Table.1 shows demographic characteristics of the study population. An overall estimated prevalence of physician assisted suicide advocates was 9%.

Table 2 shows the prevalence of those who advocate physician-assisted suicide (with 95% Confidence Interval) by respondent’s demographic characteristics.

Table 3 shows the prevalence of those who advocate physician-assisted suicide (with 95% Confidence Interval) by respondent’s views on biomedical ethics issues.
The study population consisted of 89% men, 65% of them were married, 34% were having graduate or post­graduate education. Therefore we cannot generalize the study results to the rest of the country. The sample size of study has been adequate and our study does offer useful information on the sensitive issue of euthanasia, which remains a controversial issue all over the world.
We found 9% acceptability to the idea of Physician assisted suicide in our study sample. Any policy on euthanasia should be based on the wishes of the individual so long as those wishes do not adversely affect others. Perhaps as in Netherlands, euthanasia needs to be decriminalized without being made legal, in a similar way to the decriminalization of soft drugs such as marijuana10.
Those who supported physician-assisted suicide in our study attached less divine qualities to doctor, such as “doctor is next to god”. They were more bold and courageous in terms of bio-medical issues in general such as discontinuation of life support. idea of human cloning, practice of giving gifts to doctors by pharmaceutical companies or sick leave certificate issuance. This study has perhaps been among the first studies on the sensitive issue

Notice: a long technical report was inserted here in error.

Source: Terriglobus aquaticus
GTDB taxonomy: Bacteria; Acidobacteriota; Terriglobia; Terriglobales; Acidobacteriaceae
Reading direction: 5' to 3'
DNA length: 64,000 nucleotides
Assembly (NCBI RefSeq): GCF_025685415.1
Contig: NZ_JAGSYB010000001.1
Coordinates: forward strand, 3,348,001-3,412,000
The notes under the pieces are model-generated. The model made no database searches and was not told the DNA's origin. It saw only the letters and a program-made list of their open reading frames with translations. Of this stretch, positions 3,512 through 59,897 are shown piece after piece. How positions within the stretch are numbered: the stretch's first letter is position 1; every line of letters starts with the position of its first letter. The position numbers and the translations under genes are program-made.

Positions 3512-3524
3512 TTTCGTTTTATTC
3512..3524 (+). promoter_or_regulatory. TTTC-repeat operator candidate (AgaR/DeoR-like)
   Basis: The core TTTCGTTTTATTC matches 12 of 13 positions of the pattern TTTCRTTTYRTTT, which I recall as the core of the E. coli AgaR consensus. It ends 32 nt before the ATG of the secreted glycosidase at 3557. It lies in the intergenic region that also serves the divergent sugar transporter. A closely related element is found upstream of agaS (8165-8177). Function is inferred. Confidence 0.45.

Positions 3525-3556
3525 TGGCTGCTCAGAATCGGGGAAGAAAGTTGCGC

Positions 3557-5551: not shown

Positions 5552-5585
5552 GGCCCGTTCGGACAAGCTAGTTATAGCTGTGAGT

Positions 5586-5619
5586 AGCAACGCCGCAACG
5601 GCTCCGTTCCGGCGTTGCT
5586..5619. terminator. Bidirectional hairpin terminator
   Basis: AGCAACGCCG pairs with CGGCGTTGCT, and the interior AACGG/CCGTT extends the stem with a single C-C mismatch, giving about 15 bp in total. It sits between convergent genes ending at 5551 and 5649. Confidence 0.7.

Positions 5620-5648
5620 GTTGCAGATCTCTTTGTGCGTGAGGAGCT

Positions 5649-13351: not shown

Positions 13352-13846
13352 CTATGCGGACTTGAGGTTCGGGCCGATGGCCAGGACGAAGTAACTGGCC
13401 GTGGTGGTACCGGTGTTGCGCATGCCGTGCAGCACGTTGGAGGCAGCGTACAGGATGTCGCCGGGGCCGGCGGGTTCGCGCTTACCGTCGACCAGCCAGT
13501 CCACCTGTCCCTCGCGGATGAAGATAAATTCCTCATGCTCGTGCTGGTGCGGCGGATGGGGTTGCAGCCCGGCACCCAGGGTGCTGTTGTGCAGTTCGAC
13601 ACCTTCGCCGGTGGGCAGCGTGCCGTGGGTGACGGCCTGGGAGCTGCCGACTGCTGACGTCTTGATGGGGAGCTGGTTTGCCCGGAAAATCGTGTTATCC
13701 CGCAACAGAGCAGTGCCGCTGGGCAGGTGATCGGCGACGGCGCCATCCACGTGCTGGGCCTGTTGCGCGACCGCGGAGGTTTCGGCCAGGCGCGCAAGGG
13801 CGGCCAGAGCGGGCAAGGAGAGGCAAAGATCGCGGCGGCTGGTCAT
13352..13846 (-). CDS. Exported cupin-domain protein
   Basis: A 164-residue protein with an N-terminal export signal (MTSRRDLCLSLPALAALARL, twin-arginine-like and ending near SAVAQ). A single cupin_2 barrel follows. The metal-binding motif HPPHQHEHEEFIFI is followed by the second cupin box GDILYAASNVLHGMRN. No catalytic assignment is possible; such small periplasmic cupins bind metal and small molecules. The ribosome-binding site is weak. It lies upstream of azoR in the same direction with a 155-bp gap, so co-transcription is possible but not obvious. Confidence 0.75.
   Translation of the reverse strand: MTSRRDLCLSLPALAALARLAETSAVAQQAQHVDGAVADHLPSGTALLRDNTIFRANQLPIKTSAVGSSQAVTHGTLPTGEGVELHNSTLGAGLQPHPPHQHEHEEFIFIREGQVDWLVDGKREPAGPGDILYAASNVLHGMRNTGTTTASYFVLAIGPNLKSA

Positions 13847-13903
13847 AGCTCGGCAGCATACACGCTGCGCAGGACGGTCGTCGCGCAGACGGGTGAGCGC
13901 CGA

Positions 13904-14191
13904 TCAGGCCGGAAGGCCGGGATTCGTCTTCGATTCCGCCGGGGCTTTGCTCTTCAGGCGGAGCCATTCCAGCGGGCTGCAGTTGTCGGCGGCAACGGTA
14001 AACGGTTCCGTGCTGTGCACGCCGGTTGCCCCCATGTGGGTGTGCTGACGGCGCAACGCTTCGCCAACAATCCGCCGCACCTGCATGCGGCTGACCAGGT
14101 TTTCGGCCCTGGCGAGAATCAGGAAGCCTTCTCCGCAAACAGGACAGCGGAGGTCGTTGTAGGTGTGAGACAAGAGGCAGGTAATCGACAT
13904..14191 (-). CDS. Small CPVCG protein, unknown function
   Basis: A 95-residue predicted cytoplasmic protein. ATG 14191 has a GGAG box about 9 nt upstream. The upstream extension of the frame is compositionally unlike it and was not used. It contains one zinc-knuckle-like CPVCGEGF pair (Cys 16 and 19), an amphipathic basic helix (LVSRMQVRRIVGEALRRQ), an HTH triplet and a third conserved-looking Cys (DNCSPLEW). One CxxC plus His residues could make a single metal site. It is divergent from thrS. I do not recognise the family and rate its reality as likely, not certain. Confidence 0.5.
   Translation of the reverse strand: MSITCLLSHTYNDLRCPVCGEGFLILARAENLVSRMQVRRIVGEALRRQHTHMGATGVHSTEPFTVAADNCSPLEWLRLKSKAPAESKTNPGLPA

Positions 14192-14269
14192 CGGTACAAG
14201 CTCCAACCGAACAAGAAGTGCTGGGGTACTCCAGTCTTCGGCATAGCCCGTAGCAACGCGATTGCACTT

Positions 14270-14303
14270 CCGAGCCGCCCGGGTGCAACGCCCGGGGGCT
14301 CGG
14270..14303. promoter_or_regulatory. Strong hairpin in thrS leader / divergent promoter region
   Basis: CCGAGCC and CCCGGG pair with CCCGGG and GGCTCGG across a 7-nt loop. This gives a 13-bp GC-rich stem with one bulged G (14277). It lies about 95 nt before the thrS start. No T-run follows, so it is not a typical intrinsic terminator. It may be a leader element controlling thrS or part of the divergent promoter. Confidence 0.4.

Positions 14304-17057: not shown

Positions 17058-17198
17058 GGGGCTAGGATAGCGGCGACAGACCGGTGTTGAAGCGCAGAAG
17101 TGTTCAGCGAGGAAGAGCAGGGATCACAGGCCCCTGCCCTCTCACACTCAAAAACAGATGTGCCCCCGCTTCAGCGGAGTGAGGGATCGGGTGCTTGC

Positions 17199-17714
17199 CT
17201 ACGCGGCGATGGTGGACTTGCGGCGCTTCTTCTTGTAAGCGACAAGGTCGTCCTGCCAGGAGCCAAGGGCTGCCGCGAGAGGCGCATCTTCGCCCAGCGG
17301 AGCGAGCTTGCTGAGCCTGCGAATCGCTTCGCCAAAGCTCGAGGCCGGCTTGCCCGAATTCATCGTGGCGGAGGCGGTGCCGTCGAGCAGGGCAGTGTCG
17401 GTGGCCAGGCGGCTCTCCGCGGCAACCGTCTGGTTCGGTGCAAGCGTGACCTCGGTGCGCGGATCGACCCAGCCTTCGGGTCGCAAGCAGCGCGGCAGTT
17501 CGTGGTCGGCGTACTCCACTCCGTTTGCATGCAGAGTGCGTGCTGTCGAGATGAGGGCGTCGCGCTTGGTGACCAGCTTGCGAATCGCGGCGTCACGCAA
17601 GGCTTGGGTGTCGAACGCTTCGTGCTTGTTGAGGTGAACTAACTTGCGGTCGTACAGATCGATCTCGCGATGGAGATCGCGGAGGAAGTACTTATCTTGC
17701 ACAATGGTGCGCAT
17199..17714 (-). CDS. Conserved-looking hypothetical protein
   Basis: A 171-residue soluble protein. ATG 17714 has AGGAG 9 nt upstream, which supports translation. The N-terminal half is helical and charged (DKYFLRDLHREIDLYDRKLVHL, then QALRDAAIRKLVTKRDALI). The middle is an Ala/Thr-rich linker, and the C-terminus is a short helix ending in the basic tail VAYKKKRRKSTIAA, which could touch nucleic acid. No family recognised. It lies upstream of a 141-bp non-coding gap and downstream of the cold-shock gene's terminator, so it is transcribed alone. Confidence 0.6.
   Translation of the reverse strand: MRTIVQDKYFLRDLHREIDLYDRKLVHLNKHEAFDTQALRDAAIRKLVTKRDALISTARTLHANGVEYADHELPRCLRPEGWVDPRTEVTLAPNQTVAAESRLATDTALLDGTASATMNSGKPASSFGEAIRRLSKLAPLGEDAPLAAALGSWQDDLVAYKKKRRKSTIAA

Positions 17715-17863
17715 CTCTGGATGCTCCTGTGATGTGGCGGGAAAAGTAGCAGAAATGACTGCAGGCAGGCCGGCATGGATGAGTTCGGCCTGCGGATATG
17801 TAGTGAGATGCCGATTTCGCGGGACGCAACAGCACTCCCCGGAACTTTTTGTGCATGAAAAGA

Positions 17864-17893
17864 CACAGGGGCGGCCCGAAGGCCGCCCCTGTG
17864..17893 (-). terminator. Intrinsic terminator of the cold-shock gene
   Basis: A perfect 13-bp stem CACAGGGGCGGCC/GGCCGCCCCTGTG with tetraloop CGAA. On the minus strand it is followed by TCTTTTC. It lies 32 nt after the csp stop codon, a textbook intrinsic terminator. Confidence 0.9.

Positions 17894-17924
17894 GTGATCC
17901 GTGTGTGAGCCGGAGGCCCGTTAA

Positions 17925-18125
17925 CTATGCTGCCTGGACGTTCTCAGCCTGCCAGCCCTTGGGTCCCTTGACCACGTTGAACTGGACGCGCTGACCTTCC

of physician-assisted suicide in Pakistan. We hope that it will generate debate on the issue and will result in further studies in this interesting area of bio-rnedical ethics.

References

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2.Gulan RM. Euthanasia: A Catholic perspective. Health prog., 1987: 68.28-34.
3.Hendin H. Suicide. Assisted suicide, and medical illness. J. Clin. Psvchiatry. 1999: 60 (Suppl 2):46-50.
4.Caddell DP, Newton RR. Euthanasia: American attitudes towards the physicians role Soc. Sci Med.. 995.40: 1671-81.
5.low JA, NgWC, Yap KB, et al. End-of-life issues--preferences and choices of a group of elderly Chinese subjects attending a day care center in Singapore. Ann. Acad. Med. (Singapore) 2000:29:50-6.
6.Lans I-Is, Riezebos J, Abas V, et at, A nation-wide study on the practice of euthanasia and physician-assisted suicide in community and hospital pharmacies in the Netherlands. Phartn. World Sci , 2000: 22: 3-9.
7.Valverius E, Nilstun 1, Nilsson B. Palliative care. Assisted suicide and euthanasia: Nationwide questionnaire to Swedish physicians. Palliat. Med 2000: 14:141-8.
8.Sahm SW. Palliative care versus euthanasia The (ieriiian position, the German General Medical Council\\\'s principles for medical care of the terminally ill. J Med Philos., 2000: 25:195-219.
9.Kaldjian LC, ickel iF, Friedland G. Nnd of life decisions in HIV- positive patients The role of spiritual beliefs. AIDS, 1998 Jan 1: 12: 103-7.
10.Dowd S, Davidluzar R. Euthanasia: A pragmatic view. Elder Care. 1998 :10: 16-9.